Next: Chapter 2 - Defining and Measuring Reliability »
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TRB’s second Strategic Highway Research Program (SHRP 2) Report S2-L08-RW-1: Incorporation of Travel Time Reliability into the Highway Capacity Manual presents a summary of the work conducted during the development of two proposed new chapters for the Highway Capacity Manual 2010 (HCM2010). These chapters demonstrated how to apply travel time reliability methods to the analysis of freeways and urban streets.

The two proposed HCM chapters, numbers 36 and 37, introduce the concept of travel time reliability and offer new analytic methods. The prospective Chapter 36 for HCM2010 concerns freeway facilities and urban streets, and the prospective supplemental Chapter 37 elaborates on the methodologies and provides an example calculation. The chapters are proposed; they have not yet been accepted by TRB's Highway Capacity and Quality of Service (HCQS) Committee. The HCQS Committee has responsibility for approving the content of HCM2010.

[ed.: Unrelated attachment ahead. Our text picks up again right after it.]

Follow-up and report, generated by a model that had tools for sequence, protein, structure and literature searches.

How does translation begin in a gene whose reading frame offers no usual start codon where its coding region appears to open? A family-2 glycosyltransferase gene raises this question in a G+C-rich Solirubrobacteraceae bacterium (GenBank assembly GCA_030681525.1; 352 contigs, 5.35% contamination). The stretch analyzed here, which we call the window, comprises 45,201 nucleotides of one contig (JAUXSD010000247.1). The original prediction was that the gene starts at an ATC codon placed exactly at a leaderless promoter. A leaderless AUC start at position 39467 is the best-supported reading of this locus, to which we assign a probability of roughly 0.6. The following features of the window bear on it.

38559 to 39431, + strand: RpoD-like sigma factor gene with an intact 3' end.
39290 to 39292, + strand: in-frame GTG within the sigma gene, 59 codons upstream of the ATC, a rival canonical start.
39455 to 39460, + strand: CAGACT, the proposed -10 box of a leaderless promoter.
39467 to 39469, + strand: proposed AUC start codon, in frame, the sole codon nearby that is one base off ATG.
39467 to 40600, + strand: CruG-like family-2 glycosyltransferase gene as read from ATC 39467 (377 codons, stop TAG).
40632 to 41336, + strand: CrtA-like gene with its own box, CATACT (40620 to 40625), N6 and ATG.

SHRP 2 Reliability Project L08 has also released the FREEVAL and STREETVAL computational engines. The FREEVAL-RL computational engine employs a scenario generator that feeds the Freeway Highway Capacity Analysis methodology in order to generate a travel time distribution from which reliability metrics can be derived. The STREETVAL-RL computational engine employs a scenario generator that feeds the Urban Streets Highway Capacity Analysis methodology in order to generate a travel time distribution from which reliability metrics can be derived.

Software Disclaimer: This software is offered as is, without warranty or promise of support of any kind either expressed or implied. Under no circumstance will the National Academy of Sciences or the Transportation Research Board (collectively "TRB") be liable for any loss or damage caused by the installation or operation of this product. TRB makes no representation or warranty of any kind, expressed or implied, in fact or in law, including without limitation, the warranty of merchantability or the warranty of fitness for a particular purpose, and shall not in any case be liable for any consequential or special damages.